In Malaysia, women are thriving in the workforce more than ever. The proof is in the numbers – TalentCorp reported that there was an increase of women in the labour force, from 5.6 million in 2015 to 5.7 million in 2016.
Whether you’re a female leader climbing up the ladder, or an industry newbie navigating the workforce, there will always be barriers from performing your best at work. We spoke to various women about the career challenges they face in the workplace, and how companies should address them.
A career challenge that is easily overlooked, gender biases do exist in the workplace. To paraphrase its definition, gender biases revolves around ‘an unequal treatment in employment opportunity based on the sex of an employee, ranging from promotion to pay’.
While copywriter Jen Thong felt that fair gender equality exists in her workplace, she noticed a certain bias in non-apparent ways such as housekeeping duties.
“I have repetitively observed certain biases in this matter. It may be simple things like bringing a cup of coffee for a visiting client or setting up the lunch table for a day-long meeting, but so often I notice an automatic dependence on female employees to get these done”.
Jen believes the best way to address the issue is for companies to increase the awareness of the underlying gender biases. “Managers have to be more gender-aware when it comes to requests towards occupational duties and treats fellow employees equally”.
A majority of working mothers who juggle between managing their household and day job strive for work-life balance. For working mothers like Ummy and Sabrina, the flexible working arrangement is a much-needed option to fulfil their work obligations and family commitments at their own pace.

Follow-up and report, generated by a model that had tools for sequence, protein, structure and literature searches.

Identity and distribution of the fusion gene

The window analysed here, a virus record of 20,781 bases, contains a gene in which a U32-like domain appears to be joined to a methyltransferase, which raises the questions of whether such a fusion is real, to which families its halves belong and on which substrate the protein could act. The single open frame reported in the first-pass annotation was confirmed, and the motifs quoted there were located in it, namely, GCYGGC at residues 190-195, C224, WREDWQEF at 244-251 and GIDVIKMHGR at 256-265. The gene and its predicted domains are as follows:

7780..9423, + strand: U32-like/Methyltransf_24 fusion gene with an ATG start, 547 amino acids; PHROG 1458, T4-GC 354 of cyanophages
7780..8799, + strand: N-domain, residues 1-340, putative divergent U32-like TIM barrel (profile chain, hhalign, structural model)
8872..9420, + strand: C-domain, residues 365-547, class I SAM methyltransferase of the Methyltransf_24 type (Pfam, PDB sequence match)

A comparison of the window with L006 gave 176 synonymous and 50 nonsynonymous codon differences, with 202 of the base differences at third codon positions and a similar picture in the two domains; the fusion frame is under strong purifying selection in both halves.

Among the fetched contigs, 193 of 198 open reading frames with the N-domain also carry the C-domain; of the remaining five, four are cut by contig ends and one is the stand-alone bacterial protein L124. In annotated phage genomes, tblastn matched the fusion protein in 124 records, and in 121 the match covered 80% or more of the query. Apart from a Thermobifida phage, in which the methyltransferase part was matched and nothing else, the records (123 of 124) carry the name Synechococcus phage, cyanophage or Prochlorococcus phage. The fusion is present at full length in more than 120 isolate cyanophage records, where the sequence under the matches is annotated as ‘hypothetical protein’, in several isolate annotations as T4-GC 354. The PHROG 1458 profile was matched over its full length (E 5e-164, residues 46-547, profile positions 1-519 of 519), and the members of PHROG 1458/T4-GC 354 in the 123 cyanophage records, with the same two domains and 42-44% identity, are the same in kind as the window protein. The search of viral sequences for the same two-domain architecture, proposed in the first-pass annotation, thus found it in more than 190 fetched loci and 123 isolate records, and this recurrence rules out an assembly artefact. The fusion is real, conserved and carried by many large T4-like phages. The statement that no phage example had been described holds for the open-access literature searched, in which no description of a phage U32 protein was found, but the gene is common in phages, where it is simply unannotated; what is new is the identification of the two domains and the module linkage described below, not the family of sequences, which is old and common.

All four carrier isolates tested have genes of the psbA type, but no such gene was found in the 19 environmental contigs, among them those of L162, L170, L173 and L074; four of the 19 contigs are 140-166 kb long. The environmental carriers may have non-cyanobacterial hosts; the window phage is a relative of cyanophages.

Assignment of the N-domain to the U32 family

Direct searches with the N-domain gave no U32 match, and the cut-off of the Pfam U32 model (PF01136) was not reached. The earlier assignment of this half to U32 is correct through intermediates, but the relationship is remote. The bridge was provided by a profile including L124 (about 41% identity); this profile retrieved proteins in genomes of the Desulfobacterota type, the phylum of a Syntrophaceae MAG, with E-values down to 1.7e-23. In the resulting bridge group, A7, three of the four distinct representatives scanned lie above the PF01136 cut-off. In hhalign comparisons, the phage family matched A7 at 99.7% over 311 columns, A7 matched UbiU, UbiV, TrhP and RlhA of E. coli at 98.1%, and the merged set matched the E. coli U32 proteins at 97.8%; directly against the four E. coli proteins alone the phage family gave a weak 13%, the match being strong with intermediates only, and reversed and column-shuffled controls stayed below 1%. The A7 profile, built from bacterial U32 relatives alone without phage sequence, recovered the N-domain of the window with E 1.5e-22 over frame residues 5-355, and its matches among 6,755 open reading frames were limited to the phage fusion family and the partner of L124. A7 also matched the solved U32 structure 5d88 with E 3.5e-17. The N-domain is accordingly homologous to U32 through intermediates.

Freelance psychologist Ummy says that work-life balance is instrumental in bringing her best in her personal and professional lives. “It’s about trying to perform at work, and at the same time, listing my kids’ meals and planning in advance to meet the needs of others at home. Did I mention, trying to look physically decent too? How do mothers do it, honestly?”
To overcome this issue, internal communications executive Sabrina feels companies have what it takes to find a middle ground that complements both work and family schedules.
“Companies can look into flexible working arrangements that could benefit both the company and employees. For example, providing the options for working remotely when necessary or flexible working hours within a certain time frame,” she suggests.
When it comes to salaries, closing the wage gap between male and female employees has been a popular subject of discussion. A fair way to measure an employee’s salary is using performance or experience-based metrics, as suggested by senior web developer Sarah. When she discovered her junior is earning significantly higher than her, she was overwhelmed by feelings of unjust.
“I feel companies should measure their employee’s salary based on professional experience or work performance. I know some people market themselves or negotiate better than the rest. However, that will put an introvert, like me, in an unfair advantage. It’s time for companies to use fair measures to determine the salaries of their employees”.
With more women spearheading the workforce in Malaysia, it’s important for companies to recognise the career challenges that exist in their workplace. Whether the issue revolves around gender biases, work-life balance or wage gap, it’s vital for companies to step up and play their part in creating a supportive workplace for their employees, regardless of their gender.
Do you feel oppressed in the workplace because of your gender? Let us know in the comments below!
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